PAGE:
Topical Feature: Real Estate Marketing, Brand Positioning, and Restart strategies for Investors post Covid-19, and Weekly Report #50/2020

As the different sectors of the economy anticipate re-opening after Covid-19 economic disruption, the process will take different shapes, with different sectors opening up in different ways and at differing speeds. The coronavirus still lurks, and the ability to contain the second wave will dictate what happens next in the economy. As the economy reopens, the big challenge among real estate investors will be how to navigate the harsh environment created by the Covid-19 pandemic. Furthermore, Investors’ eagerness to restart and rebuild is understandably immense, but so are the questions that a return to business raises. The financial health, employee motivation to return to work, rate of demand pick-up, and the organization’s operations and supply chain.

As such, Real Estate Investors will need to take a holistic approach to restart in order to realize a return on investment (ROI). The following are the salient restart, marketing, and brand positioning strategies for Real Estate Investors, based on our research and expertise in the real estate industry.

a.) Creating a detailed relaunch map

The Covid-19 crisis has shattered many of the assumptions and tools that Investors rely on for decision-making. Therefore, for the restart, Investors will need to define a solid framework for action in a highly volatile environment. As such, a detailed relaunch map, site by site, segment by segment, customer by customer, and product by product, will be required to prioritize the recovery opportunities. The map will guide marketing and sales effort, production, supply chain, construction projects, and help determine each project’s recovery timeline. This will also enable investors to get a head start on reassessing projects, investments, and expenditure while incorporating variables of high-impact market conditions.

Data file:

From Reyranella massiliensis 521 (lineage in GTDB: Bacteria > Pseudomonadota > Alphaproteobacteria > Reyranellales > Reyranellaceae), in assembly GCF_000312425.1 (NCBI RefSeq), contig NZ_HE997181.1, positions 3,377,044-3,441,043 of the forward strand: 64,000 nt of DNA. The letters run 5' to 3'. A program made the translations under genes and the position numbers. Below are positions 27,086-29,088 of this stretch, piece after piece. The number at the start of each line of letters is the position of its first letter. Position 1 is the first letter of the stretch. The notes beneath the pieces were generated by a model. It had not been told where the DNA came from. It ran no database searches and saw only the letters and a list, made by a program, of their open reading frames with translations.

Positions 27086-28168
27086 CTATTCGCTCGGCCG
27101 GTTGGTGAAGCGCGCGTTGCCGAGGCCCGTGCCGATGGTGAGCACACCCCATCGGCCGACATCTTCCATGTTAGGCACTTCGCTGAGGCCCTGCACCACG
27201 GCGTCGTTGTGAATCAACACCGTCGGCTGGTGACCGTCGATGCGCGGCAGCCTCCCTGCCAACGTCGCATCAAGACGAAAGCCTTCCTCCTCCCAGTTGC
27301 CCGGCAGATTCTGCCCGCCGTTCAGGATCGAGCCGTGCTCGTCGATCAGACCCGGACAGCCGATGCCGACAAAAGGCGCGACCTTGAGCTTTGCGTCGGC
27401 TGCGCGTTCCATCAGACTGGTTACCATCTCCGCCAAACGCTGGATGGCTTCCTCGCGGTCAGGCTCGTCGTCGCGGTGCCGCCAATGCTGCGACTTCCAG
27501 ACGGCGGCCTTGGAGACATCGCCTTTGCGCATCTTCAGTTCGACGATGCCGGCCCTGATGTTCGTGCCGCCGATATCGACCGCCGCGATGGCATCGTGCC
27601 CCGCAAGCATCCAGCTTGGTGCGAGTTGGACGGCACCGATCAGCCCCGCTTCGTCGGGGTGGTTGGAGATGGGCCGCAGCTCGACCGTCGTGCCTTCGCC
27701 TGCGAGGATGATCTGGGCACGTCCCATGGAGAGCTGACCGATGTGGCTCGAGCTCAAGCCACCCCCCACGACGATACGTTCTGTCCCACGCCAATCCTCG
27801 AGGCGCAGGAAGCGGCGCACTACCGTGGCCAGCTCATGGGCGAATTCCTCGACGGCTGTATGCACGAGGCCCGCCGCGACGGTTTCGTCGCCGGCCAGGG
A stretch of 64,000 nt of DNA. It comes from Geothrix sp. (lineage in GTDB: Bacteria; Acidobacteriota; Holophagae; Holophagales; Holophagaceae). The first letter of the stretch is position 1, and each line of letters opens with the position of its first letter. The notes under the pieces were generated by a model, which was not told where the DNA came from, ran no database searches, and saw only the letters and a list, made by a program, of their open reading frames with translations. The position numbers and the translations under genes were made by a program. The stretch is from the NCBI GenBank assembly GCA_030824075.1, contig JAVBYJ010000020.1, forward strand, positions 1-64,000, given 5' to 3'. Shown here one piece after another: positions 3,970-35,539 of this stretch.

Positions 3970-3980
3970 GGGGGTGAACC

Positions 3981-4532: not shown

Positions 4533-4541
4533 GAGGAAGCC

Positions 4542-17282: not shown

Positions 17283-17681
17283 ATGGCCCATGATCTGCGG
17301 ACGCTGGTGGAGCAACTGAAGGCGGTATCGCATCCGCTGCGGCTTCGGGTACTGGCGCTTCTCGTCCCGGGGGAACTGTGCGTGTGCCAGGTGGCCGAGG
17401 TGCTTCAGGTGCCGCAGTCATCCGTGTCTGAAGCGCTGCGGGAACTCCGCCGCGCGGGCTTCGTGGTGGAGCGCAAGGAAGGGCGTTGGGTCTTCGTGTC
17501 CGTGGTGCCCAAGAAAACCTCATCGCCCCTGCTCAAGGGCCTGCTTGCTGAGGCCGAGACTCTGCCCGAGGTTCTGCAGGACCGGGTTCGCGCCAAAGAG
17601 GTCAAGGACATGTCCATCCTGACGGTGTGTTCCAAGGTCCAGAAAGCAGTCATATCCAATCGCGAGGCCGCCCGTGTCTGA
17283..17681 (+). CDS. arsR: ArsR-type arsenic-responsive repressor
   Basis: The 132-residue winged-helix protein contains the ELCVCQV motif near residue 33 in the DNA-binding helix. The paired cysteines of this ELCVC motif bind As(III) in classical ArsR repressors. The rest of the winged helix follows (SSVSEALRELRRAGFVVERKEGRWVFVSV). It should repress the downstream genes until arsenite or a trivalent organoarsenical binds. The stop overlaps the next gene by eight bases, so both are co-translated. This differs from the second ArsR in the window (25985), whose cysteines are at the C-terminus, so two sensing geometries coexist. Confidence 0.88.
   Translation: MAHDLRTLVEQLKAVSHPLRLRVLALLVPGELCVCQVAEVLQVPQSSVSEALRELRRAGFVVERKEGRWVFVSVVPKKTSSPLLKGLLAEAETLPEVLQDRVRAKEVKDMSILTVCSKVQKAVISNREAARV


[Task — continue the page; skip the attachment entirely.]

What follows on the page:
As such, this strategy should cover:

  • regulatory requirements, such as new tax regulations
  • Breakdown of clients’ base.In their planning, Investors will need to clarify the parameters and assumptions about their clients. This includes clients’ market confidence and financial health as it determines their propensity to consume or save.

b.) Reviving demand

During the restart, one imperative for investors will be to revive the demand for their products. Therefore, they will have to stimulate demand, guarding against any risk of distorting price models or fueling a deflationary curve. As Such, they will have to be ready to reallocate brand positioning and marketing expenses quickly. Nevertheless, the marketing expenses should be weighed against the risk of triggering a price increase leading to a supply-demand imbalance and competitive approaches that destroy value due to high pricing. Discounts and promotional models should be well thought and accurately implemented for sustainability.

Furthermore, the marketing strategy will have to be optimized by making product offerings which are in line with the Covid-19 pandemic-related shift in demand.

The following are the brand awareness and marketing strategies an investor could adopt to optimize his/her marketing strategy.

i.) Content marketing Campaign and virtual reality

An Investor could create digital content in the form of videos, blog articles, podcasts, and webinars, to increase their online presence as most people are spending much of their time online. Such videos include videos showing property’s features, which will make one stand out from other investors who use images and written descriptions. Furthermore, investors need to adopt digital marketing strategies such as virtual tours and virtual open houses for clients who cannot visit the development site.

ii.)  Social Media Marketing

Real estate investors should pay more attention to their real estate social media marketing techniques, as most people are spending significant time on social media. They should, therefore, create unique posts for all social media channels, as each one of them generates a different type of real estate leads.

iii.) Maintain a consistent marketing presence

Consistent marketing puts an investor’s name and brand on potential clients’ minds for future consideration. Real Estate investors could achieve this by consistently using the marketing strategy they have chosen for their product, for instance, updating social media posts frequently.

iv.) Optimize Your Website for Search

When it comes to making a real estate product purchase, most people will go online before visiting a development site. An investor could, therefore, optimize his/her website such that it is user and SEO-friendly. Website sitors should be able to navigate through using their phones and computers comfortably.

c.) Increase decision making speed